Thus, this book is recommended for those who believe it is extremely important to know the best tools to improve these constant sales processes, because, in this way, it is possible to improve interpersonal relationships, influence people, and effectively transmit ideas and knowledge.
The highlights of the work are:
In this summary, we will explain the 3 aspects defined in the book to build a great company: disciplined people, disciplined thinking, and disciplined actions.
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In the opening part of the book "To Sell is Human: The Surprising Truth About Moving Others", Daniel presents arguments to encourage us to question the way we know the sales process:
The author Daniel Pink essentially shows data that prove that even with today's digital world, the sales market is still very busy and, besides that, every human being participates in this type of process in one way or another.
In the United States alone, for example, 1 in 9 workers still make a living trying to get people to buy products they have to offer.
Also, the author clarifies that the other 8 of these 9 are in constant sales processes, the so-called "sale without selling", as they are persuading and influencing people.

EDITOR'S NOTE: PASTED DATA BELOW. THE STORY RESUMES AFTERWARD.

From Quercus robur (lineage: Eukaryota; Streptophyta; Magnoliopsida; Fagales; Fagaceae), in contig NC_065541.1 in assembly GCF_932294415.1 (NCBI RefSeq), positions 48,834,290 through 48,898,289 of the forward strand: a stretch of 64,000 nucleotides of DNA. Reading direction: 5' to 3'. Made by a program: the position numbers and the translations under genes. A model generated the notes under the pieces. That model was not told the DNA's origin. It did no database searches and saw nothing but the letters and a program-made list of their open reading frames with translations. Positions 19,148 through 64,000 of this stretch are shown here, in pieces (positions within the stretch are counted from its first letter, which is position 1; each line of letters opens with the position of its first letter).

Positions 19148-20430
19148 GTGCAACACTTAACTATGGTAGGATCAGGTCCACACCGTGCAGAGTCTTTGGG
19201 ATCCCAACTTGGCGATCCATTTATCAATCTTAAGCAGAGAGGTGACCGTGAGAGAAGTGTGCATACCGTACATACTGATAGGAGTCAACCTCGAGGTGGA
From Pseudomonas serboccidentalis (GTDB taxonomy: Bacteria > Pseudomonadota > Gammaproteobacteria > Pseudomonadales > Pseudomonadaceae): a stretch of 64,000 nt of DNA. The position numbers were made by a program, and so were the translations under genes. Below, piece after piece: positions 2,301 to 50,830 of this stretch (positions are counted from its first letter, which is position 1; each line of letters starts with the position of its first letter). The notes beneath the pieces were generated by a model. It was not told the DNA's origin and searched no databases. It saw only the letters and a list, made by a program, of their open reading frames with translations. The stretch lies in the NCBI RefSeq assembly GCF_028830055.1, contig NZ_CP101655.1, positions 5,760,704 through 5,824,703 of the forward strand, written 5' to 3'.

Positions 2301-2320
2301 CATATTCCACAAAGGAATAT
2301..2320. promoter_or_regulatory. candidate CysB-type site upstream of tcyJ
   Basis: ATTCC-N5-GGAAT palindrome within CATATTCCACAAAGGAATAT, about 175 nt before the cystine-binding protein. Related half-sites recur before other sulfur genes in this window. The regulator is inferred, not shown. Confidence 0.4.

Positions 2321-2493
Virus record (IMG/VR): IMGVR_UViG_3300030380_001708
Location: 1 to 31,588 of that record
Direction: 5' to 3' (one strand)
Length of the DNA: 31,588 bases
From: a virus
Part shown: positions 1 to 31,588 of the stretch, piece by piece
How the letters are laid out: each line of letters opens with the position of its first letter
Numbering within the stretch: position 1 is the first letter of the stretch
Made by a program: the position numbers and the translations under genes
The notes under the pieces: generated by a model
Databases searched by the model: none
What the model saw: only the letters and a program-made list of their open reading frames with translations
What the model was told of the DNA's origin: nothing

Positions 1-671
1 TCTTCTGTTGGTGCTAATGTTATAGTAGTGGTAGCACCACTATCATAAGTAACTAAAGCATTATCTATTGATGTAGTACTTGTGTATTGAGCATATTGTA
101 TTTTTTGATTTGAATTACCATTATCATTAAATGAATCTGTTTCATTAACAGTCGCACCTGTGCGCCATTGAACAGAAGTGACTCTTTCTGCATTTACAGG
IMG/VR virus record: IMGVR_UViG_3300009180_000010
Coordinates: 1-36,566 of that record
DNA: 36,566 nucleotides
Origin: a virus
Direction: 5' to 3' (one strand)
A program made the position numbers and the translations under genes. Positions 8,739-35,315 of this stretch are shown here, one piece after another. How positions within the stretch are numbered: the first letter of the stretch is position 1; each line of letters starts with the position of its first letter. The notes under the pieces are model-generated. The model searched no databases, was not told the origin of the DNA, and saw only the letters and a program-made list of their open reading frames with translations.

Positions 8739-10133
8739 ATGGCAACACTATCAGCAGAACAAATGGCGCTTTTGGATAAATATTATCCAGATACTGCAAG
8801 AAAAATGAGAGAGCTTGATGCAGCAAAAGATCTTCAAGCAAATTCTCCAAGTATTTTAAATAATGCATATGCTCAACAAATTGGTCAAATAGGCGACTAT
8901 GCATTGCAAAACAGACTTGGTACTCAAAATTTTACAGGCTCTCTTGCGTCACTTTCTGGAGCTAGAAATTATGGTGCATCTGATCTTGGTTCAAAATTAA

For Daniel H. Pink, sellers are not dead, they are alive because they are us!
According to an unprecedented survey, we are dedicating more than 40% of our time at work to inducing others. And we consider this to be crucial to our professional success.
How did so many of us end up in the induction business?
The second chapter of the book "To Sell is Human: The Surprising Truth About Moving Others" answers this question from 3 main points:
With the increase of investments in technology, the tools that were created and that were supposed to destroy salespeople, instead opened up to small entrepreneurs and turned many of us into salespeople.
Many of us are realizing that our professional skills need to extend and overcome previously created barriers, encompassing traditional sales and, above all, sales without sales.
It is a sector that includes the fastest growing industries in the world, medical and educational, and its jobs are related to the induction of people.